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The key to effective forest management planning is determining a silvicultural system. A silvicultural system is the collection of treatments to be applied over the life of a stand. These systems are typically described by the method of harvest and regeneration employed.

In general these systems are:


  • Clearcutting: The entire stand is cut at one time and naturally or artificially regenerate

[graphic] Illustration of clearcutting.

  • Seed-tree: Like clearcutting, but with some larger or mature trees left to provide seed for establishing a new stand. Seed trees may be removed at a later date.

[graphic] Illustration of seed trees

  • Shelterwood: Partial harvesting that allows new stems to grow up under an overstory of maturing trees. The shelterwood may be removed at a later date (e.g., 5 to 10 years)

[graphic] Illustration of shelterwood

  • Selection: Individual or groups of trees are harvested to make space for natural regeneration.

[graphic] Illustration of single tree selection

Single Tree Selection

[graphic] Illustration of group tree selection

Group Tree Selection

Clearcutting, seed-tree, and shelterwood systems produce forests of primarily one age class (assuming seed trees and shelterwood trees are eventually removed) and are commonly referred to as even-aged management. Selection systems produce forests of several to many age classes and are commonly referred to as uneven-aged management. However, in reality, the entire silvicultural system may be more complicated and involve a number of silvicultural treatments such as site preparation, weeding and cleaning, pre-commercial thinning, commercial thinning, pruning, etc.

[graphic] Illustration of uneven-aged, Two-aged, and Even-aged stand types

Figure 1. Types of stand age structure (Definitions from: Helms, John A. 1998. Dictionary of Forestry.)

Importantly, the feasibility and appropriateness of a silvicultural system depends on your objectives, existing stand conditions, the characteristics of the individual tree species involved, and your willingness and ability to make these investments. Pioneer or light-demanding species respond well to high levels of light and thus clearcutting is an effective harvest and regeneration strategy. Such species typically do not grow well in the shade. Conversely, late successional and less light-demanding species will often grow best under shelterwood or selection systems. But there are complicating forest health, cost, habitat, and aesthetic issues that hinder broad generalizations. The individual species and cover type guidelines described are intended to deal with these issues in detail.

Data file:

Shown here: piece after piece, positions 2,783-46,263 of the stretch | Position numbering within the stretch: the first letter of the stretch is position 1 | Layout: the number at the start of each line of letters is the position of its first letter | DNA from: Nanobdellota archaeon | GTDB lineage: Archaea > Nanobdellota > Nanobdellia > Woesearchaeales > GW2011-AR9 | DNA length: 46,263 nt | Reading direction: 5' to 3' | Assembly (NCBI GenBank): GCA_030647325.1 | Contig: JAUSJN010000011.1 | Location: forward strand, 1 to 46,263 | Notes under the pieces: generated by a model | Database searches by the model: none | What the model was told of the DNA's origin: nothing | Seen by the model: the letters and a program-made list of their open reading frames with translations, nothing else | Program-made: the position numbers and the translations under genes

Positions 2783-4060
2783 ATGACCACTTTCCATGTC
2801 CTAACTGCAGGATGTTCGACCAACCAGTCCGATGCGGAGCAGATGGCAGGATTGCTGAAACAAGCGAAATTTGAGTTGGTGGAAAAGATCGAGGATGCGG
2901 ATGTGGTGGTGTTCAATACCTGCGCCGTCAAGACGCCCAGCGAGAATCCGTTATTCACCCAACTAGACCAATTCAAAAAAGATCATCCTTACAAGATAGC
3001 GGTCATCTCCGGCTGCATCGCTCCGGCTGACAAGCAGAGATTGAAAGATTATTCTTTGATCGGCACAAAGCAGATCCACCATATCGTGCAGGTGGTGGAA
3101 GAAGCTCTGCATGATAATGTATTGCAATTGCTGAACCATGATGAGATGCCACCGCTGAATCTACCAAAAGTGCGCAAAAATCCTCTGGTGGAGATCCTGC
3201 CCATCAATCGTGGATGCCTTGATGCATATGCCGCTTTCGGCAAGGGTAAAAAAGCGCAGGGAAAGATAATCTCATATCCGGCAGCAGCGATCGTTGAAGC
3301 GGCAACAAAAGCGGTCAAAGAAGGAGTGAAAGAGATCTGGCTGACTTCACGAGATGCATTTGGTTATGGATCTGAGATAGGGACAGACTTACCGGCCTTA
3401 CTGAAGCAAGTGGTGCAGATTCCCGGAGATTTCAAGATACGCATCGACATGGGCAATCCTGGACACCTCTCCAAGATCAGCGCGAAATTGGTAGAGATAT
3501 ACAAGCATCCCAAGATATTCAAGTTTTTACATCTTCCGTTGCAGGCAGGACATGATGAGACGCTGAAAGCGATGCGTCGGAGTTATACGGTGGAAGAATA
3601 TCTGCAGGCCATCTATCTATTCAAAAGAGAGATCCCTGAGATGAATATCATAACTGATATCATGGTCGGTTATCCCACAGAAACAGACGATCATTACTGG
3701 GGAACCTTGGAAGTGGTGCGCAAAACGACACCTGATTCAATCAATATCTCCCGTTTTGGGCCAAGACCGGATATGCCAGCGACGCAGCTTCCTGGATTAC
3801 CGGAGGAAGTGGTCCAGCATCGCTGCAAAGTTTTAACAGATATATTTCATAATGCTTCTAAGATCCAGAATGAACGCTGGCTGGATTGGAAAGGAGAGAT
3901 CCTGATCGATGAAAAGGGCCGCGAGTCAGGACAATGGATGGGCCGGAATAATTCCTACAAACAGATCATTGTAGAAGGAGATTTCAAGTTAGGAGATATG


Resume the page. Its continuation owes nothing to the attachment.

Stand development

In application, silvicultural treatments can lead to a change in age class structure for the new or remaining forest. Clear-cutting and shelterwood systems typically lead to an even-aged structure. Selective cutting typically leads to an uneven-age structure. Using seed trees can lead to an even-age structure for the new stand if regeneration occurs quickly; if regeneration occurs gradually, the result can be an uneven aged stand. Also, if the seed trees are left on the area for a long time period, the new stand will have two to a many age class structure. Clearly, specifying the silvicultural system for a particular stand is an important step. Even-aged management is perhaps the simplest approach in many respects, even though it constitutes a major disturbance of the site. Conversely, uneven-aged management is outwardly appealing because it leaves the site in a continuous green state. However, uneven-aged management often requires more expertise and thought in specifying choices among treatments. For either choice of age class structure, failure to consider choices carefully can lead to forest health problems and reduced productivity. In examples, we try to describe both the advantages and disadvantages of approaches.


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North Central Region Forest Management Guide: A cooperative project of the USDA Forest Service and University of Minnesota.
USDA Forest Service - Northern Research Station
Last Modified:  05/25/2006